Four killed after helicopter crashes into lake

US News

Four bodies have been recovered from the wreckage of a helicopter that crashed into a shallow lake in Alaska last week, authorities have said.

Search and rescue divers recovered the bodies of a helicopter pilot and three scientists from the water on the remote North Slope.

The 1996 Bell 206 helicopter crashed last Thursday while transporting Alaska Department of Natural Resources staff while they conducted fieldwork in the area.

The dead were identified by the North Slope Police Department as Ronald Daanen, 51; Justin Germann, 27; Tori Moore, 26; and pilot Bernard “Tony” Higdon, 48.

You Might Like

The scientists were members of the Division of Geological and Geophysical Survey. The helicopter is owned by Maritime Helicopters.

Volunteers from the Alaska Dive Search, Rescue, and Recovery team arrived at the crash site around 10.45pm on Saturday and recovered the bodies around 6am on Sunday.

An investigation by the National Transport Safety Board is under way.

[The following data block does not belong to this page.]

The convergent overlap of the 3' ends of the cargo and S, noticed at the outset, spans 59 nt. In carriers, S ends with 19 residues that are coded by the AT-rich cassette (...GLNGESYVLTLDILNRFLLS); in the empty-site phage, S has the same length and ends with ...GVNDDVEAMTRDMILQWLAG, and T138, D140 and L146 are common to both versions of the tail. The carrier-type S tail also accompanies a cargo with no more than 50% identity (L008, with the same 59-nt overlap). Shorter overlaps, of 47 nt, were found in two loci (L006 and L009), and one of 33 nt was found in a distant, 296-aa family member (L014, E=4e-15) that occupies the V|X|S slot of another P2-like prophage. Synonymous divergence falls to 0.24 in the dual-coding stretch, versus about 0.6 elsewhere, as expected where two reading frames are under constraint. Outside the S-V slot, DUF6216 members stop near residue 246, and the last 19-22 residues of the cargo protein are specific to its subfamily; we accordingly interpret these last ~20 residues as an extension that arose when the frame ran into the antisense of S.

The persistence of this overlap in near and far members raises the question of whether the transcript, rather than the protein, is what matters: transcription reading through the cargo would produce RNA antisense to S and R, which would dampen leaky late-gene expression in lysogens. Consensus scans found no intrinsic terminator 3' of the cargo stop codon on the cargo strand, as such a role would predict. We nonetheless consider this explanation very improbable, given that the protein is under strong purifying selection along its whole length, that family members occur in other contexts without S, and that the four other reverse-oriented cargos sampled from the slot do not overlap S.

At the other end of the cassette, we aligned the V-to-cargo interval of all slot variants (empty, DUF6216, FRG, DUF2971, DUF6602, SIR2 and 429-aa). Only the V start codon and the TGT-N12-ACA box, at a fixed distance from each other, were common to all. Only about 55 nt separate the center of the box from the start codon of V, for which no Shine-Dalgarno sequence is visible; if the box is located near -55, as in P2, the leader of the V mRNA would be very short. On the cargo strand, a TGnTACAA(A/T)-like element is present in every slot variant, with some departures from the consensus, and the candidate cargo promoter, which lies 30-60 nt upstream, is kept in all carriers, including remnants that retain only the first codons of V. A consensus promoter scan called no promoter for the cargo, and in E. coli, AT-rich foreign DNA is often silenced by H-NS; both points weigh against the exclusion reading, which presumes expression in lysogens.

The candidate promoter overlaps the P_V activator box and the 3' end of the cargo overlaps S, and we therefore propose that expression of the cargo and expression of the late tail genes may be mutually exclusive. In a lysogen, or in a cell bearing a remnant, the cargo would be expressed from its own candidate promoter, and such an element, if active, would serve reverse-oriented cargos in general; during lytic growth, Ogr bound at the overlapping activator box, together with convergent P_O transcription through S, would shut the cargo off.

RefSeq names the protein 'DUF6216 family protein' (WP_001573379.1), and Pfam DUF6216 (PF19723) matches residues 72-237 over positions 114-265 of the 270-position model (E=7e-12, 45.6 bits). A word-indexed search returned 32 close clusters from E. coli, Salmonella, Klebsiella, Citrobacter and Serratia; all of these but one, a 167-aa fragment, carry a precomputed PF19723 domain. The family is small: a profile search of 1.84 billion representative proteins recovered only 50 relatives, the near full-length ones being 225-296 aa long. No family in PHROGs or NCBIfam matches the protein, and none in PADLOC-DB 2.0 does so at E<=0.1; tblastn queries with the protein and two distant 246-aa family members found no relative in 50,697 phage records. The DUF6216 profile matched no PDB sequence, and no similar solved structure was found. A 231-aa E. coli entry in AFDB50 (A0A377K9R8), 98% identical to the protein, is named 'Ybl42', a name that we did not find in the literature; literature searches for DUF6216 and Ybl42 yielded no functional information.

More on Alaska

The only way to raise the wreckage would be to use another helicopter because it is in the middle of one of many lakes scattered across the vast tundra, said Clint Johnson, chief of the National Transport Safety Board’s Alaska region.

“In Alaska, here during the fire season, commercial helicopters are at a premium so we are having challenges getting a helicopter to do the work,” he said.

Authorities said the aircraft will likely not be raised from the lake until Monday or Tuesday given the lack of available helicopters.

Articles You May Like

‘Unwoke’ With Kevin and Kruiser #87: Anti-Gun Communism Fails in New Mexico—For Now
PBS Hypes Smear on ‘Popular Authoritarian Movement Within the Republican Party’
Appeals Court Rules Firearm Bans for Felons are Constitutional
Biden’s Broadband Plan Subsidizes Delaware, Mansions, Vacation Homes, Senate Panel Finds
U.S. will again offer free at-home Covid tests starting Monday

Leave a Reply

Your email address will not be published. Required fields are marked *